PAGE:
How Mélanie Laurent deliberately resisted the 'True Detective' legacy in 'Galveston'

For her stateside directorial debut, French actress and filmmaker Mélanie Laurent (Inglourious Basterds, Now You See Me) felt she only had one chance to get it right for her first venture into the U.S. market. Thus, she took a creative gamble by adapting True Detective creator Nic Pizzolatto’s 2010 novel Galveston into a feature on her own terms, deliberately straying from the thematic and aesthetic expectations associated with his wildly popular HBO series. The result, she hoped, was to craft a distinctly foreign take on a quintessentially American crime story set along the coast of southeastern Texas.

“This is the first shot I had in America, making an American movie about an American story as a director from France. [I was afraid of] not making something good enough to be able to make another movie here,” the 35-year-old tells EW. “The idea was to do something very different. Production-wise and acting-wise, we didn’t want to make anything that looked like a Nic movie.”

A filmmaker who works in strokes of impression — often creating improvised scenes on the fly as dictated by the set’s “mood of the day” — Laurent strung together multiple creative threads to make Galveston, Pizzolatto’s original screenplay for which she tweaked and expanded during production. The completed work follows a hard-boiled hitman named Roy (Ben Foster) who, along with fellow target Raquel (Elle Fanning) survives a bloody double-crossing staged by his menacing employer (Beau Bridges). On the run, the pair goes into hiding in the film’s titular town, where Roy plots his revenge as his relationship with Raquel (who’s later revealed to be working as an escort) blossoms into an unlikely friendship instead of wilting under the clichéd pressures of would-be romantic entanglement.

“For once it’s two people with a platonic love story, a fantastic, beautiful, strong friendship…. I wanted to make sure we wouldn’t go down any other path,” Laurent observes of the odd couple’s magnetic chemistry, a dynamic that ultimately tests (and perhaps softens) the edges of Roy’s violent instincts. “I told Ben and Elle, ‘You have to feel like you love each other; nothing’s going to happen sexually, but also that you would die for the other one.’”

Laurent admits her process changed “the script and the [story] a little bit” from Pizzolatto’s final draft, though producer Tyler Davidson previously told EW her edits were “significant” — enough so that Pizzolatto requested his name be removed from the official credits in favor of the pseudonym “Jim Hammett.” (Pizzolatto did not reply to EW’s request for comment.)

“If [producers] wanted to make an American movie in the spirit of True Detective, I think they’d have chosen someone else. They had a reason to find a female director from Europe,” Laurent explains, adding that her favorite extemporized moment sees Fanning crying in a bathtub after a particularly traumatic experience in a scene that doesn’t exist in Pizzolatto’s book, one that she feels effectively communicates her singular artistic spirit.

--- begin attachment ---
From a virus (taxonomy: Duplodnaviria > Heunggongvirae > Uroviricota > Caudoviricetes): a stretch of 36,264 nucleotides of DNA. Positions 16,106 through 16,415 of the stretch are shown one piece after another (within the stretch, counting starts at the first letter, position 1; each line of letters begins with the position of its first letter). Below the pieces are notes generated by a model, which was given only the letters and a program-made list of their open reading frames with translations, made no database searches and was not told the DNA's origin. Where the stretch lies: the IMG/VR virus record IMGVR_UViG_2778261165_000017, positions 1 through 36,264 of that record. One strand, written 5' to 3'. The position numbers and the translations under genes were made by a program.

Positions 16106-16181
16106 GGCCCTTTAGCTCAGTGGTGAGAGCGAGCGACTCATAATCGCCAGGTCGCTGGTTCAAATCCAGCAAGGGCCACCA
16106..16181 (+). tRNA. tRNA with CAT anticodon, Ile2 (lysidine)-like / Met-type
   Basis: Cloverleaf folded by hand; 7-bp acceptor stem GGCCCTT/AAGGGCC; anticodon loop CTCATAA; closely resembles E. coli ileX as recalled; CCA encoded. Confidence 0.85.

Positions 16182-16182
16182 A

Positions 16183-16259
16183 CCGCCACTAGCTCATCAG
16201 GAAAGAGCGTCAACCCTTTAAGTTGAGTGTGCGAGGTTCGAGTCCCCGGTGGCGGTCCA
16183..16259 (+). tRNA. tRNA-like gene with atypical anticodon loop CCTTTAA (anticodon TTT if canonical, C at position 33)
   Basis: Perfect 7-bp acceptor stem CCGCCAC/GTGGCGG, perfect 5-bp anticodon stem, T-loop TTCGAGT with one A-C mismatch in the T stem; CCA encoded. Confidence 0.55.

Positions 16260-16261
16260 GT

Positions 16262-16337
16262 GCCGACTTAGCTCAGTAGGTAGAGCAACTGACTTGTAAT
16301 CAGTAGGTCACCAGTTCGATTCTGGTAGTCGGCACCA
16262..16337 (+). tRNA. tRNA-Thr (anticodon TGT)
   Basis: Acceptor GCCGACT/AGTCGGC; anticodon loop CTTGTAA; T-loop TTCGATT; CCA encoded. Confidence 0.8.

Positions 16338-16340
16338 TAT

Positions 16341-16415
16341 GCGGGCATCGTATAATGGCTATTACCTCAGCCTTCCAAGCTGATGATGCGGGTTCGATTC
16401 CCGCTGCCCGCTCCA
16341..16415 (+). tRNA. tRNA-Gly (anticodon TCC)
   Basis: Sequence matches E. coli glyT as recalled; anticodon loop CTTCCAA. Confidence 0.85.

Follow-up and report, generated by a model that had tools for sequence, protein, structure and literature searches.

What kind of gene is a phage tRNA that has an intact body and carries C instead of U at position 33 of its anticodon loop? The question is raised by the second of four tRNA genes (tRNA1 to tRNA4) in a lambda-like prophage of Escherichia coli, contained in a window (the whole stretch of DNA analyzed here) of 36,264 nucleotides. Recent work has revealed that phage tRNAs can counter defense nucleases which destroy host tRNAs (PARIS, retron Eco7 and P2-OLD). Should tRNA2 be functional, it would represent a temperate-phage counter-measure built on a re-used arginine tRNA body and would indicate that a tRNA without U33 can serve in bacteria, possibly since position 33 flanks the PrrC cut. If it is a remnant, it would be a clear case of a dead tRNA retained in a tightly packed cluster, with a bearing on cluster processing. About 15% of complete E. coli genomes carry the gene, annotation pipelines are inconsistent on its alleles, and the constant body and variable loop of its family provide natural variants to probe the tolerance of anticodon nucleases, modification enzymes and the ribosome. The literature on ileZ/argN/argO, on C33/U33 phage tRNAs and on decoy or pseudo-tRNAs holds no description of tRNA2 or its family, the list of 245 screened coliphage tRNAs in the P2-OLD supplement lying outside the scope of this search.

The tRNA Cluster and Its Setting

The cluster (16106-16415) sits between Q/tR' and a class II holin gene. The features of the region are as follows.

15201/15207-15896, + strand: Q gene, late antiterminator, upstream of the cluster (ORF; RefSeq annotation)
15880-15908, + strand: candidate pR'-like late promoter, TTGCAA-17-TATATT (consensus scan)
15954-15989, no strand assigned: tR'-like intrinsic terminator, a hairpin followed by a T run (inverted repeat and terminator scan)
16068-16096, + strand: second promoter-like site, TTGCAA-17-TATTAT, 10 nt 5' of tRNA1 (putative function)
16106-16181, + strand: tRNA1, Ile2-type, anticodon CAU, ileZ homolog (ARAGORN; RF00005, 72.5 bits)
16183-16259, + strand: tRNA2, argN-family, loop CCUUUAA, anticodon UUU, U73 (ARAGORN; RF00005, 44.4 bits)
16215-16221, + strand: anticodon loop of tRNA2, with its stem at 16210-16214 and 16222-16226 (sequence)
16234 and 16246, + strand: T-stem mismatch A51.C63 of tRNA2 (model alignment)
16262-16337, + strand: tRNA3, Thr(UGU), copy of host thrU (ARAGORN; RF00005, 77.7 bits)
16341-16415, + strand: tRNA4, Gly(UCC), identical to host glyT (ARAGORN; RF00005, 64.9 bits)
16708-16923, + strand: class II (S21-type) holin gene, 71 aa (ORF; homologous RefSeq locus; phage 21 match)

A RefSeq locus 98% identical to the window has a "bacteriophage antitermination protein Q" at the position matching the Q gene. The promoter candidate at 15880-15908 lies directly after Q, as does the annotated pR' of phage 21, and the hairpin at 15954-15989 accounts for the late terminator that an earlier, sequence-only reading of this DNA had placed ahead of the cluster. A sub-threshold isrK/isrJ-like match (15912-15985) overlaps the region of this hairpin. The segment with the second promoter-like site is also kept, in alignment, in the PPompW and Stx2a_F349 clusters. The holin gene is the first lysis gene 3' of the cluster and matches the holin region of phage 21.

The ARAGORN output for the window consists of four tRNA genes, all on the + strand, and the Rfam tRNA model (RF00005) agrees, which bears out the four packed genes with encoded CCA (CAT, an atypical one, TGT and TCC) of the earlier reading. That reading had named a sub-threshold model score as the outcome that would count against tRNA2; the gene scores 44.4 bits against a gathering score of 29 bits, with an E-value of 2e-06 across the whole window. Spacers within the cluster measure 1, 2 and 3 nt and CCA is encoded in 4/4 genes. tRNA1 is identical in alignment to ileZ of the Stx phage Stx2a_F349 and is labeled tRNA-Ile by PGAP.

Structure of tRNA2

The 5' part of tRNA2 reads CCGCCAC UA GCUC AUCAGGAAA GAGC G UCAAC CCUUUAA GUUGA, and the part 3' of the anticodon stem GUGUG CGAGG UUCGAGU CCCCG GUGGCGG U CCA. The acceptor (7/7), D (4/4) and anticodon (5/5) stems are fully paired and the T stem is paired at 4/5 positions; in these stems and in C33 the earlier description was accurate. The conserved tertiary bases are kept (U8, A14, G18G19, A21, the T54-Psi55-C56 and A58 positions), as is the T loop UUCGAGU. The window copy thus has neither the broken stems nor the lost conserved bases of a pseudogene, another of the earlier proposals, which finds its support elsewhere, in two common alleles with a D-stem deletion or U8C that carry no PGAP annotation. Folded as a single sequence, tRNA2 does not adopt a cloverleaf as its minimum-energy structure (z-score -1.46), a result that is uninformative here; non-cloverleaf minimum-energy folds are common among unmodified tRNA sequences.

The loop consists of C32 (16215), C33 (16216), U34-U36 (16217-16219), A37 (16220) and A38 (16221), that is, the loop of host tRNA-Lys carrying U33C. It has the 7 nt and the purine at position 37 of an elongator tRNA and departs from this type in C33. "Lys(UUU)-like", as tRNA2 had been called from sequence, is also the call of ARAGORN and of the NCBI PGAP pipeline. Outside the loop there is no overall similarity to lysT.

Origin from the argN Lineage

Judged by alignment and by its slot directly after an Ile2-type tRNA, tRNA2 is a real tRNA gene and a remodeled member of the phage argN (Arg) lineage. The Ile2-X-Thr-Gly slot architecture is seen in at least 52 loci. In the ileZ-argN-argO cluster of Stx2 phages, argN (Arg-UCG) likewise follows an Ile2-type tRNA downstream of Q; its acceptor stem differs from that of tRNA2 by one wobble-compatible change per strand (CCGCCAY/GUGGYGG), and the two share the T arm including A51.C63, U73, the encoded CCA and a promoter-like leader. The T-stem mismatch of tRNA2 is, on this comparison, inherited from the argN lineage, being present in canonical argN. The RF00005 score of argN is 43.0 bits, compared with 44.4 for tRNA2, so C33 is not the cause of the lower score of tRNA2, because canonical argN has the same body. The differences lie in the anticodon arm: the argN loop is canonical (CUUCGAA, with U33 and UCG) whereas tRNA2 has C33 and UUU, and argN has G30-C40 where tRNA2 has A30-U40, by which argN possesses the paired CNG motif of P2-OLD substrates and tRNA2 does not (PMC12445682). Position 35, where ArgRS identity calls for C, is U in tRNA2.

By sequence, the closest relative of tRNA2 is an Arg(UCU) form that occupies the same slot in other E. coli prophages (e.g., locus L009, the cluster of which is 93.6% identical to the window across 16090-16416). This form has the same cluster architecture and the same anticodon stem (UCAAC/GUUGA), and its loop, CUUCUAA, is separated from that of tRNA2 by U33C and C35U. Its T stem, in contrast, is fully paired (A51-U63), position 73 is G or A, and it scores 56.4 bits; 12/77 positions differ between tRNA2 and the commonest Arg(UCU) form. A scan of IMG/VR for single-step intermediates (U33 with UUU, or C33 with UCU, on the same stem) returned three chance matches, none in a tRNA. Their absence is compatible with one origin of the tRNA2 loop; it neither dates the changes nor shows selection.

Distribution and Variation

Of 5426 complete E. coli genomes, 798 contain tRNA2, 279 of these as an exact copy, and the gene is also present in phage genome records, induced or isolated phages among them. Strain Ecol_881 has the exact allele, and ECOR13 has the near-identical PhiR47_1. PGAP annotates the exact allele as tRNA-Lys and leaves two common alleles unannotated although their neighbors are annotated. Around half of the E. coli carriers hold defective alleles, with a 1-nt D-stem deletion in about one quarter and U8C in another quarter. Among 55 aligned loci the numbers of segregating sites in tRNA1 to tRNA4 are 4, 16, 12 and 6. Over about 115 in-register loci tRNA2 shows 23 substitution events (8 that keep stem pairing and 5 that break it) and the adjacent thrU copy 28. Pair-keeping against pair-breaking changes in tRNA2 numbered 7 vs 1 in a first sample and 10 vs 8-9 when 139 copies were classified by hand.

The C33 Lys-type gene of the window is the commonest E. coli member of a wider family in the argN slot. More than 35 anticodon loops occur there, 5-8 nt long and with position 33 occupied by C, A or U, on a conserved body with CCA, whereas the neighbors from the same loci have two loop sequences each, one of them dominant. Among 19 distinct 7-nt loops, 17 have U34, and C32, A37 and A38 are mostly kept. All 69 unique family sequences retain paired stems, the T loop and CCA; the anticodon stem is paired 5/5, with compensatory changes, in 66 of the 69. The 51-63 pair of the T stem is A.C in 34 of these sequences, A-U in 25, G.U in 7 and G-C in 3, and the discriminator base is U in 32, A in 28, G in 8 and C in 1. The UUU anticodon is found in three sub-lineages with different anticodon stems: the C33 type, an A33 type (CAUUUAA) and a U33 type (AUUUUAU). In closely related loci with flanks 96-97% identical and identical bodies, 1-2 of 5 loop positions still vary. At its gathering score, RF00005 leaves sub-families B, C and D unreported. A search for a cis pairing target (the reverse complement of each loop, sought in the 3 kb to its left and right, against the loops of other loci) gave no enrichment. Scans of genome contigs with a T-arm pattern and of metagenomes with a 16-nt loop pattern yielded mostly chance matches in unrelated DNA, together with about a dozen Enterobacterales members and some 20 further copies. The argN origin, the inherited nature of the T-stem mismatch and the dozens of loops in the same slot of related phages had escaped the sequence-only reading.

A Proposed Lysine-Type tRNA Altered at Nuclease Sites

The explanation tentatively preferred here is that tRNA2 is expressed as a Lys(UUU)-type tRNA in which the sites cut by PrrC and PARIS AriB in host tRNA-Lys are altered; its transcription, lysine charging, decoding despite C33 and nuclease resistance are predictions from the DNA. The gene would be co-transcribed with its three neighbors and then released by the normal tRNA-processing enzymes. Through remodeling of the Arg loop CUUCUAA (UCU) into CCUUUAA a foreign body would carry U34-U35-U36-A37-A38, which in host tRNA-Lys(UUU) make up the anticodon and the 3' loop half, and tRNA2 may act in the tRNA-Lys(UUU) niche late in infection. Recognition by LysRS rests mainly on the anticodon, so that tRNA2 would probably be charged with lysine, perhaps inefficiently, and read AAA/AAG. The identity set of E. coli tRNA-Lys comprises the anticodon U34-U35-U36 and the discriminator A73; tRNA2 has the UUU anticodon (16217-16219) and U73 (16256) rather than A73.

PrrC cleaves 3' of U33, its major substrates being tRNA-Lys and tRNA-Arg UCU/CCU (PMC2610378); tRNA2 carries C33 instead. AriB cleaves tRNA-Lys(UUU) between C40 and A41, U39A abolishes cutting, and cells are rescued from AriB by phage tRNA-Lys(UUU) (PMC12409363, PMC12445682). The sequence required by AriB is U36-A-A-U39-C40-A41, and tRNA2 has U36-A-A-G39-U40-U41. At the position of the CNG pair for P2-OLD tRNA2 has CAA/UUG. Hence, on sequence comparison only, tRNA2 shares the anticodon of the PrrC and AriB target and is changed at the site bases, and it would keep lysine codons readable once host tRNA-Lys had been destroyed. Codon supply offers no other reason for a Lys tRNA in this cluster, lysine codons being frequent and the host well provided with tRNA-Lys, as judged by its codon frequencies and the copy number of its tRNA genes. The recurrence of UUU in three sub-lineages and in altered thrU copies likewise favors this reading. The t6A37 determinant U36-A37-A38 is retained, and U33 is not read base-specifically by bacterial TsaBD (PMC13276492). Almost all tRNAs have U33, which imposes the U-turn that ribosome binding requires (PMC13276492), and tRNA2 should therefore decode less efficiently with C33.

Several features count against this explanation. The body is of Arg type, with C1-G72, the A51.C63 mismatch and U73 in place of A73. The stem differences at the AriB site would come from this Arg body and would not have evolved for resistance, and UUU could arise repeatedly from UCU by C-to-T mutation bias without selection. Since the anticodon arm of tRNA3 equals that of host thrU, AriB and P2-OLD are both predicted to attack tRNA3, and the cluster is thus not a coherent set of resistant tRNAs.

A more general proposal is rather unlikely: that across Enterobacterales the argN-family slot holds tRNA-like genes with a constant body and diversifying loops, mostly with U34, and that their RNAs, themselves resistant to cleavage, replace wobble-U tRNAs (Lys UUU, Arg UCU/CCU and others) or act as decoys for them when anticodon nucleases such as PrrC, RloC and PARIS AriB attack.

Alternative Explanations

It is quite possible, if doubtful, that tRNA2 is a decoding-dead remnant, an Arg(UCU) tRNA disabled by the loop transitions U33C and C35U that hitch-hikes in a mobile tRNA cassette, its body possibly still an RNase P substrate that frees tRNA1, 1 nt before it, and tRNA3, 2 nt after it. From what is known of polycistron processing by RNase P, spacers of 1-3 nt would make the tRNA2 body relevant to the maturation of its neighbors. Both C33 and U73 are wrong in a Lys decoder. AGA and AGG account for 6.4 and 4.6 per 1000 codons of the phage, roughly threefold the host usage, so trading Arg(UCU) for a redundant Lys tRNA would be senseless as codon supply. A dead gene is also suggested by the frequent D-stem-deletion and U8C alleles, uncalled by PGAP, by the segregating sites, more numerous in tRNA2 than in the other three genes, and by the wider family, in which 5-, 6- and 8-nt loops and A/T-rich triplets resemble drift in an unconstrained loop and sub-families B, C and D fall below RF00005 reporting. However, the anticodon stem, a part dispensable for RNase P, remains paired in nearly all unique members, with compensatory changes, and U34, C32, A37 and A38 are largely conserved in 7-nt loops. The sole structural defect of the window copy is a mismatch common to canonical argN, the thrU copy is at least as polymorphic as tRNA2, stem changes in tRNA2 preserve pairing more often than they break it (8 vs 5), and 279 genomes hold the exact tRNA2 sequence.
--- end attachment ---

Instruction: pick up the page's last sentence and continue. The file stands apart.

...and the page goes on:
“My way of working involves feeling my instincts. You shoot a scene, go home, and feel like, okay, I need to change things tomorrow! We need to add another scene [because the actors] did something strong, so we need to follow it,” says Laurent. “[That] added moments of life into the script.”

While Pizzolatto laid the foundation, Laurent says she “never met the guy,” so she didn’t feel intimidated tackling his ambitious project. And for the most part, stateside critics have generally praised her domestic bow in the director’s chair. Having helmed several popular works in her native France, however, Laurent has built up a regional reputation of quality after releasing the fantastic 2014 psychological thriller Breathe and the 2017 drama Diving — the former of which received two nominations at the César Awards, the French equivalent of the Oscars. With all of its American trimmings, then, Galveston confused homeland viewers.

“[French] journalists were like ‘Oh, wow! It’s an American movie. We can’t tell it’s you!’” she notes. “I don’t know if I made an American movie or if you’ll feel like it’s [from] a female director from Europe.”

But Laurent says she’s happy with the movie she made; even if it’s a mystery to others on the surface, it runs thick with her creative DNA.

“The story was really American, the lighting is different from what you’d see in Paris, and the actors work differently in France [but] the way I filmed is the way I film every story. I feel like it’s my movie…. I didn’t [approach it] like, I have to be an American director now,” she finishes. “I never asked myself if I had to watch more True Detective episodes to get in the spirit of it, nor did I have to watch more American movies to [connect with] American viewers. I just made a movie.”

Galveston — also starring Adepero Oduye (12 Years a Slave, Pariah) and Lili Reinhart (Riverdale) — is now playing in limited theatrical release and is available on VOD and digital HD. Watch EW’s exclusive clip from the film above.

Related content:

  • Why True Detective creator Nic Pizzolatto is credited on Mélanie Laurent’s Galveston under a pseudonym
  • Elle Fanning, Ben Foster find love amid bloody escape in haunting Galveston trailer
  • True Detective season 3 reveals new photos
  • True Detective reveals season 3 premiere date

Galveston (Movie)

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